moi, 1970, Stanford, White Plaza: a demonstration against these bags because of the harm-to-birds issue. 40 years back.
It just wasn't the issue of the day then.
Car? Coat closet? I have neither. I do have stashes of all kinds of bags.
Providing bags at point of sale? Done 1. to increase sales, 2. as advertising. For awhile, everybody did that, in a lot of countries. Everybody expected a bag. Now provision of bags is offloaded onto the individual. Like pay phones being gone, tax forms not being sent out, drinking fountains gone (bring your own water in its plastic bottle).
20 or 30 pounds of WHAT? potatoes?
Why don't we start insisting that everything we buy is in bulk, and we bring our own containers? That's what we need to see.
Posted by Resident, a resident of Another Palo Alto neighborhood, on Jan 24, 2013 at 2:02 pm
I wish the greenies would realise it is not about plastic bags, trash pickups, or eating organic foods.
It is about Government making sweeping decisions for reasons that are about politics rather than anything else.
Of course a lifetime ago the Oceans were a dumping ground for all sorts of reasons. Today we do know better and we have cleaned up our act. We have cleaned up mainly through education and teaching the younger generation. When I was a child, we had far less disposable things to dispose of in our trash. My mother washed all our diapers. Never heard of a paper plate or even a kleenex. Our toilet paper was hard and scratched our delicate butts. Generally speaking we made a lot less trash but disposed of it less thoughtfully. We also had no water shortages so doing laundry was no problem. Now we worry about the amount of water we use and have low flow showers and toilets which barely do the job they were intended to do and as a result we end up longer in the shower and flushing twice.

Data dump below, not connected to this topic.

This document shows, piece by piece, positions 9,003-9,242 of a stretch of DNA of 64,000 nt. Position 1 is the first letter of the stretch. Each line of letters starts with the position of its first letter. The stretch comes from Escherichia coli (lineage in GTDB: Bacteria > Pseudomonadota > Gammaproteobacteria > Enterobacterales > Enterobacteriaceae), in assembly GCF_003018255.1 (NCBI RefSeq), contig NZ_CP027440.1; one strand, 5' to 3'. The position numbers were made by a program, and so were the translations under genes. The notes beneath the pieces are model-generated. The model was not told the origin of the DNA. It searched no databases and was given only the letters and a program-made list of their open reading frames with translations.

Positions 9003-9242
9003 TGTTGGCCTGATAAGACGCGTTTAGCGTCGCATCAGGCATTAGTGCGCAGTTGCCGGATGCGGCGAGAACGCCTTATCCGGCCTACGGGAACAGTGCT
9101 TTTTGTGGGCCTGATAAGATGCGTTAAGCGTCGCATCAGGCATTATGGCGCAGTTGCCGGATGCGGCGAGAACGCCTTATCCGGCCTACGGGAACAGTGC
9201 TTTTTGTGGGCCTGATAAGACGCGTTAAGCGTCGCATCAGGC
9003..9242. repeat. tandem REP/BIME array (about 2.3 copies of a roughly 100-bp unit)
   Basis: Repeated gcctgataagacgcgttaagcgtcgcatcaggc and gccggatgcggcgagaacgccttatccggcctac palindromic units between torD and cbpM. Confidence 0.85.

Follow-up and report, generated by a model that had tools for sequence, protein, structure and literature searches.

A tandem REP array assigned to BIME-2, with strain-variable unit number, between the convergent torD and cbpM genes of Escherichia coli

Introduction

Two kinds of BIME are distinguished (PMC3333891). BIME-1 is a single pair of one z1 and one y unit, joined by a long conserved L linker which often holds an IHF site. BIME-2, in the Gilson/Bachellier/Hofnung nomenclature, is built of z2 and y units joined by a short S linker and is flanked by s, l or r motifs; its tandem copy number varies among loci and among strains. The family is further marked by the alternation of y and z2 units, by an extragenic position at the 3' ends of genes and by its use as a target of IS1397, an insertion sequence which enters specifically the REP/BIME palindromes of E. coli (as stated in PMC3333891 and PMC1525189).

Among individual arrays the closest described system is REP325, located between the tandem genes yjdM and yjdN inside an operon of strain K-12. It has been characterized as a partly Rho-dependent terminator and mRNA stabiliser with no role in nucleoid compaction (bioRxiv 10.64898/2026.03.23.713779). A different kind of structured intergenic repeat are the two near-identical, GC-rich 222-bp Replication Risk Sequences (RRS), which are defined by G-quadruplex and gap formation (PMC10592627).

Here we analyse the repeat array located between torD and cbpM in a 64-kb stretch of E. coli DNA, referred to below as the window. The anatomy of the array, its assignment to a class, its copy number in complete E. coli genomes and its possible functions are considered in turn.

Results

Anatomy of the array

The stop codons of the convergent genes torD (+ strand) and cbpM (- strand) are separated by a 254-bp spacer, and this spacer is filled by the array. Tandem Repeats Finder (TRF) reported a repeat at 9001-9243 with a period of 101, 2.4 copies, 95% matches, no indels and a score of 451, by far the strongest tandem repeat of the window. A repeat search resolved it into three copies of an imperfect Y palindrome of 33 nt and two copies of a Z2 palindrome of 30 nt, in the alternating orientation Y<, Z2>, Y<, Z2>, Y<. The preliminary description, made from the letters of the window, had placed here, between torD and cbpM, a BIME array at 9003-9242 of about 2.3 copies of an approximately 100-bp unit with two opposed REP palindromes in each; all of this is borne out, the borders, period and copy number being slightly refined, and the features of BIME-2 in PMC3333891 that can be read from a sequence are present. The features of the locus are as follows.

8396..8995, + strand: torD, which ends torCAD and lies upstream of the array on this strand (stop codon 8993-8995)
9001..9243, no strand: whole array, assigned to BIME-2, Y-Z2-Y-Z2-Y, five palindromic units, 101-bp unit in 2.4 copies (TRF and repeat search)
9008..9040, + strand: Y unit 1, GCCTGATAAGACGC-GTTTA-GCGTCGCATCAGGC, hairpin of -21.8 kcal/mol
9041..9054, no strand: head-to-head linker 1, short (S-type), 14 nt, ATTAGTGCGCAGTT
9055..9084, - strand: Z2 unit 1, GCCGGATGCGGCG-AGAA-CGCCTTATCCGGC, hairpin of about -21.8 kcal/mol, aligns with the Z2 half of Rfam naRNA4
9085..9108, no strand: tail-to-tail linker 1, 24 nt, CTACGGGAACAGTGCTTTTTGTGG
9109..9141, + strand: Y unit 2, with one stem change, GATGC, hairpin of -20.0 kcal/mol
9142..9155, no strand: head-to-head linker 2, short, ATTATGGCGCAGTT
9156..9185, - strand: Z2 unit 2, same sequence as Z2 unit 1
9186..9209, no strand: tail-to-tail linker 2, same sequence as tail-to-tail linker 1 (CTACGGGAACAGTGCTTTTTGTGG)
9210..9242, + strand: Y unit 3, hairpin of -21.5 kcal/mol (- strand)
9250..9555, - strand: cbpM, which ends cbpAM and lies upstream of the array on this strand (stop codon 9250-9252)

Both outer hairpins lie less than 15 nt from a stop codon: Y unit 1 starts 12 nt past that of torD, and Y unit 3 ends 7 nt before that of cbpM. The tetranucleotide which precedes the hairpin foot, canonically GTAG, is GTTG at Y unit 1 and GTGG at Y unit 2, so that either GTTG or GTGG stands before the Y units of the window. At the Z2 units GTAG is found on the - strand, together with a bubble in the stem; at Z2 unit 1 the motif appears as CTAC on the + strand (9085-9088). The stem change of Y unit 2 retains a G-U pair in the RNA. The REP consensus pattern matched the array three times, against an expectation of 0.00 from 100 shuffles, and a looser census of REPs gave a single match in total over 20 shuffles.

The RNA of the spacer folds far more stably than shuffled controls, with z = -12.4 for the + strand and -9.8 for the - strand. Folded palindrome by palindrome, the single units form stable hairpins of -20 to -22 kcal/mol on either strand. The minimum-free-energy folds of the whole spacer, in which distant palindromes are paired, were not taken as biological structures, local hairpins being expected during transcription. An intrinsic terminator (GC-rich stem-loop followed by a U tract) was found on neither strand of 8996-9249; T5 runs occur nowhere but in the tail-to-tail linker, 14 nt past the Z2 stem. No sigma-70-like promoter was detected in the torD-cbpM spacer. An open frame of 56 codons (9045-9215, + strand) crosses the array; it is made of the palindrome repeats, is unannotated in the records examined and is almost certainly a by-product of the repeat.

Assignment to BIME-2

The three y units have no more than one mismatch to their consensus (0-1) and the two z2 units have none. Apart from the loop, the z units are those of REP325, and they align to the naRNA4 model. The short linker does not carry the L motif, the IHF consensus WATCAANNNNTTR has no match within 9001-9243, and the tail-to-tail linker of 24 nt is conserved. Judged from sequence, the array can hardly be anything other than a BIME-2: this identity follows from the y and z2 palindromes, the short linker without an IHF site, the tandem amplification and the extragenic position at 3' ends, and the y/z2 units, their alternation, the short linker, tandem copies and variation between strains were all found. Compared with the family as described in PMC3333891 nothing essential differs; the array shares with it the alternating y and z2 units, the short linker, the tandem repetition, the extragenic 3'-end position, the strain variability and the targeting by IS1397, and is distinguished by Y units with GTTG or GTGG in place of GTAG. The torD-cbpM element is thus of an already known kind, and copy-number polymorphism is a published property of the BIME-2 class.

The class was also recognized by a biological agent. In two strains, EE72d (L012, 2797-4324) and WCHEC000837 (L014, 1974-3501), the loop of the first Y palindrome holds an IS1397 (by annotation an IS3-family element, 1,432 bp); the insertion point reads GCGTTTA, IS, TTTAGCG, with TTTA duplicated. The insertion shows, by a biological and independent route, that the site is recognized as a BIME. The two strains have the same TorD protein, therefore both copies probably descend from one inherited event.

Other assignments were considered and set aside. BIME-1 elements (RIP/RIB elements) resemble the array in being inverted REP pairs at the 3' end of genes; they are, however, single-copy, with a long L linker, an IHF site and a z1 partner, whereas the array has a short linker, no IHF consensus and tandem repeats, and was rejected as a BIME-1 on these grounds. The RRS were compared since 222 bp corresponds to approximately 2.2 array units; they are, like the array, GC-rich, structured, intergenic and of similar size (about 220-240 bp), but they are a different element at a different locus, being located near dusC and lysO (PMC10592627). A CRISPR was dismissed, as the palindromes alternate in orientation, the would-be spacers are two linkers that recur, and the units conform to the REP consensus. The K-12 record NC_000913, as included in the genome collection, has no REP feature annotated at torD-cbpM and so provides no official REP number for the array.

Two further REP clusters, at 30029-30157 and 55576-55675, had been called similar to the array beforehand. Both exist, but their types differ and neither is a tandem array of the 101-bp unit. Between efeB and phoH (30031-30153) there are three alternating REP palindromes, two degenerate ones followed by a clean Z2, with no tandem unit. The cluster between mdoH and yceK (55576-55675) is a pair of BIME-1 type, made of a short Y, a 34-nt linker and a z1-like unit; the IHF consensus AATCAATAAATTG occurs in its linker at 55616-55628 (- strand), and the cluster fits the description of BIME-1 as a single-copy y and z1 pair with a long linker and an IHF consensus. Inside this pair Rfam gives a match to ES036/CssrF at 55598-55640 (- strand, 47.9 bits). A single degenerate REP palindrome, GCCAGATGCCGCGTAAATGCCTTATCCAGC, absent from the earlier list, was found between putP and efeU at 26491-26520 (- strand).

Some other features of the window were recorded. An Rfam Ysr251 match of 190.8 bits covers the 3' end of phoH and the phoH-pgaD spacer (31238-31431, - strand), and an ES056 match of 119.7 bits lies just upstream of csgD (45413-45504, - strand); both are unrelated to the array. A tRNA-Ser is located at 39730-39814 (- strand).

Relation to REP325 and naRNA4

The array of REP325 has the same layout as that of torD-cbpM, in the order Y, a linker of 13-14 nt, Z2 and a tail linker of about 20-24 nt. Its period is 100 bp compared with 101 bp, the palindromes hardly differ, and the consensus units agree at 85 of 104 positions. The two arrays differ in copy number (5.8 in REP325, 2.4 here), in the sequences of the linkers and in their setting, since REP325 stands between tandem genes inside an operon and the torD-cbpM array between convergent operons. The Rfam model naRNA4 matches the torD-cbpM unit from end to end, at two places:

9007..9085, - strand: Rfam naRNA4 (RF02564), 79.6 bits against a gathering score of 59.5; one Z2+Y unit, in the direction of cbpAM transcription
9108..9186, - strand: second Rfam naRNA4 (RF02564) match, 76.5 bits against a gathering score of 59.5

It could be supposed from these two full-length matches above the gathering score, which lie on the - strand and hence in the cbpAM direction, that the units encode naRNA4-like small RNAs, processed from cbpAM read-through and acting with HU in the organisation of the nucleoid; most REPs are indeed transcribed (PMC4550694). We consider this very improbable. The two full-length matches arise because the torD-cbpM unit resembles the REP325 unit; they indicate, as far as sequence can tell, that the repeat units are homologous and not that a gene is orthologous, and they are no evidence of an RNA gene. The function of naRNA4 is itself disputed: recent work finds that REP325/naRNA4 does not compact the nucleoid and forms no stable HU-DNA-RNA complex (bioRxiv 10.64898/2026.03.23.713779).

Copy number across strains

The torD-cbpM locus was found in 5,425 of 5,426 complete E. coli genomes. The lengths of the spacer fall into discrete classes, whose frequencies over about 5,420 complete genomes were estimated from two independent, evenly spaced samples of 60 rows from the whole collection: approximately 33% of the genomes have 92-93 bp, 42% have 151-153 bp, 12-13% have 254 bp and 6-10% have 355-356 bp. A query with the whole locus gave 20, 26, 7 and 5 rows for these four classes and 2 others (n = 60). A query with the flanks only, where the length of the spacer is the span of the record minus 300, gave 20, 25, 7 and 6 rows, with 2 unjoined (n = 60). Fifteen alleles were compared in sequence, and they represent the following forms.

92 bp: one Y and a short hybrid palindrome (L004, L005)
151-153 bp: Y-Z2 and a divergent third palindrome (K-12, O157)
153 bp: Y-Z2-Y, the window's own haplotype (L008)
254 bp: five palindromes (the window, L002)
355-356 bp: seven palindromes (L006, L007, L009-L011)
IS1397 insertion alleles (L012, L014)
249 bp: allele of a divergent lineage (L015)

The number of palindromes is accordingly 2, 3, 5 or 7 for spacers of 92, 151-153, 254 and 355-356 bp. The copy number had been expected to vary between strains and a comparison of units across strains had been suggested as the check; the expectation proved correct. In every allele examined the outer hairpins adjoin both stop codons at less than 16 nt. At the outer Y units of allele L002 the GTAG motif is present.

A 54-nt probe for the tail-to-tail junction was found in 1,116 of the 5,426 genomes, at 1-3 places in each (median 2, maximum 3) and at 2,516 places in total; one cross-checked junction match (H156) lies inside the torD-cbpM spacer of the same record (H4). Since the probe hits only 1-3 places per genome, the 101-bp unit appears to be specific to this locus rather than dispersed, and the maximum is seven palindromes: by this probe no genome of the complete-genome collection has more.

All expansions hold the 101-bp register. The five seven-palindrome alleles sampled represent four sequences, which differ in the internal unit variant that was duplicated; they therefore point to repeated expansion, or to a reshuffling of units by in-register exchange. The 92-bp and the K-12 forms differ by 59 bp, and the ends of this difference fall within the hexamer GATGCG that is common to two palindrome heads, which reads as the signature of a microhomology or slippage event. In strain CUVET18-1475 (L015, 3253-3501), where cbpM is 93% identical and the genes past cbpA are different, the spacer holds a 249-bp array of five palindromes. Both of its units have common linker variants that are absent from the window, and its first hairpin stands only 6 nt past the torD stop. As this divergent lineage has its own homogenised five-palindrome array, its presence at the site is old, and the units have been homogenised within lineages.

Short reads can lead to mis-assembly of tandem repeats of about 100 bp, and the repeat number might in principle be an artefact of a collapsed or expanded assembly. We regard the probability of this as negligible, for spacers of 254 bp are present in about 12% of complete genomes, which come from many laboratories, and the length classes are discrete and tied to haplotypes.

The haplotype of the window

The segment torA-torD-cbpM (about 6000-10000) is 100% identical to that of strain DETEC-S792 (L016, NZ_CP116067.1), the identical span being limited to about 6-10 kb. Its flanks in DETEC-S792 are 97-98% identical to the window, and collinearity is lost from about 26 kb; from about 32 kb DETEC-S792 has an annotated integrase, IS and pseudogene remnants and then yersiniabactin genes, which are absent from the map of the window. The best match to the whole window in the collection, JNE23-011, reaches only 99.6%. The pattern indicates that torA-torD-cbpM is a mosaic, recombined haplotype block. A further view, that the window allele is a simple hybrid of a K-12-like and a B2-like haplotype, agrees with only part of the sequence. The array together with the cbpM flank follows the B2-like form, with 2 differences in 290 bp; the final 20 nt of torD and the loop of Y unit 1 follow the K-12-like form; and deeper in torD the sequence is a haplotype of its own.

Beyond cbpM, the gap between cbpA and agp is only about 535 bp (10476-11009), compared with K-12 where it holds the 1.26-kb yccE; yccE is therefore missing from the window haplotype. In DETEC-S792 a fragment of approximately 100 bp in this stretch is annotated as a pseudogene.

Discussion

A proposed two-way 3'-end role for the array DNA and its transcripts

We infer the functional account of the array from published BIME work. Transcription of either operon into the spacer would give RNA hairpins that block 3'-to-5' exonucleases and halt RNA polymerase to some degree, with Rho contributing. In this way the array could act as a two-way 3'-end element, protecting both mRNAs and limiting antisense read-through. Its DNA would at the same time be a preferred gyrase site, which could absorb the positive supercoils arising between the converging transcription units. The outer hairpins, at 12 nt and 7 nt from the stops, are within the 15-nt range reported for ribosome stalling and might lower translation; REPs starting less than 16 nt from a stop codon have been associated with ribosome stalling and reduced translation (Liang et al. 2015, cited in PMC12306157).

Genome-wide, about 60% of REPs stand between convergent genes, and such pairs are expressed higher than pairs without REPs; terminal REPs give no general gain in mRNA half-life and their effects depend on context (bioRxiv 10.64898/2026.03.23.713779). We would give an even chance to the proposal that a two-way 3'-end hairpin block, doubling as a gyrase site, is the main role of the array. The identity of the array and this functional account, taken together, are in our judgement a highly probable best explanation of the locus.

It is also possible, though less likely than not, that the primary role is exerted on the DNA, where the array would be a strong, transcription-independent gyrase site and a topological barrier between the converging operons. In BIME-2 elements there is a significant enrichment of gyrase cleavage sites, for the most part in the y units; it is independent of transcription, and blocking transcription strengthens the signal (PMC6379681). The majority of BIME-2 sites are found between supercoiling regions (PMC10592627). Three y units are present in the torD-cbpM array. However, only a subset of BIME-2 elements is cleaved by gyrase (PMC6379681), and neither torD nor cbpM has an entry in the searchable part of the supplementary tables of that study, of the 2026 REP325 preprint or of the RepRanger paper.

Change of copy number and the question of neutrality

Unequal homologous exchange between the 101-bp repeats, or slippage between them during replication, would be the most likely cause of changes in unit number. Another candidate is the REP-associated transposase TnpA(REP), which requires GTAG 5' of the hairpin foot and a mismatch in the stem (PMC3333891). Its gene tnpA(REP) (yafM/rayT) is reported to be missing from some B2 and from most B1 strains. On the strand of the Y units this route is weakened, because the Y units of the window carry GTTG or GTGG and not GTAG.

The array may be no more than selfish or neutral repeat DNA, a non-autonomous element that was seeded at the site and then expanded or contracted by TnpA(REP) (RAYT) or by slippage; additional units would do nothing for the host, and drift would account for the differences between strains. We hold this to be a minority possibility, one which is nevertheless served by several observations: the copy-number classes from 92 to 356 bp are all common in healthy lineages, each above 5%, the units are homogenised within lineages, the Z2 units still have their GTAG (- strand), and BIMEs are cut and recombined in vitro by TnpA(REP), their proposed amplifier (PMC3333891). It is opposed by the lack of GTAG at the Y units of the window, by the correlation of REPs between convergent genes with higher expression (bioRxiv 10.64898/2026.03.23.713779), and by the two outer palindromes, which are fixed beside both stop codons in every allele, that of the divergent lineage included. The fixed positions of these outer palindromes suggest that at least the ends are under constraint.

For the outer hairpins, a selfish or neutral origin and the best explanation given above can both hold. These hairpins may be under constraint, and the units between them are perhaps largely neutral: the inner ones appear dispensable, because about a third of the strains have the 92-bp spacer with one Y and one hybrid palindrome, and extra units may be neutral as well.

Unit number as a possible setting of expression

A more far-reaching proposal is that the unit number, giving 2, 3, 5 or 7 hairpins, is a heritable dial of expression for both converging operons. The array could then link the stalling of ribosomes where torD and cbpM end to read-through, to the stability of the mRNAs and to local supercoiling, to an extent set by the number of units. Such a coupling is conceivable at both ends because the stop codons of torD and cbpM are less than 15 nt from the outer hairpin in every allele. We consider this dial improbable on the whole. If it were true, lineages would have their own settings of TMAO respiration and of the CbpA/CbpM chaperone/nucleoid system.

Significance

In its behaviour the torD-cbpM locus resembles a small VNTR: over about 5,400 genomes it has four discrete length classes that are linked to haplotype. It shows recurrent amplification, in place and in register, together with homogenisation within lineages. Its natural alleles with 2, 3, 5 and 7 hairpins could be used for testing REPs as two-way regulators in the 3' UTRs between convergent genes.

On the other hand, we didn't know about second hand smoke or seatbelts. The adults in my family smoked all the time around me and no one cared if I didn't like it. When getting into the family car we had not seatbelts let alone carseats so we all piled in, sitting on laps of adults who were probably smoking in our faces.
Progress is not always done by forcing legislation and bans. Yes we are a lot safer because of seatbelts, car seats and no smoking rules. Since I am educated I know that use of paper goods and plastic disposable bags are to be used in moderation. However, I don't think going back to washing diapers and rags for feminine hygiene is progress.
Giving us educated people the choice of do we need a bag and if so what type is not going to get rid of the garbage heap in the ocean. Banning plastic shopping bags may just be the efforts by the latest council's vain hopes of getting a few more votes come the next election from a few greenies.
Posted by On Point, a resident of the Adobe-Meadows neighborhood, on Jan 25, 2013 at 6:55 am
"hmmm we tend to think people here are smart, but they just don't get that I am not talking about bags"
Yes, we do understand you are off topic and not talking about bags. You have a pet peeve issue that you want to discuss in this thread about plastic bags, but it seems others are staying on point/on topic, and that seems to be frustrating for you.
You are more than free to start your own corrupt gubment thread, but if you're gonna play in this sandbox, the topic is plastic bags, no matter how much you want to change that.
Posted by businessdecision, a resident of another community, on Jan 25, 2013 at 8:11 am
OK, fair enough.
Next task: y'all know that 4/22 paper bags have to be made available for sale at the till. I am trying to find a way to be sure that those bags, as the bags in Washington state, are subject to sales tax. I am willing to spend time trying to find out how to go about this, but if anyone knows... and On Point, I hope you don't think this is off topic, but you might.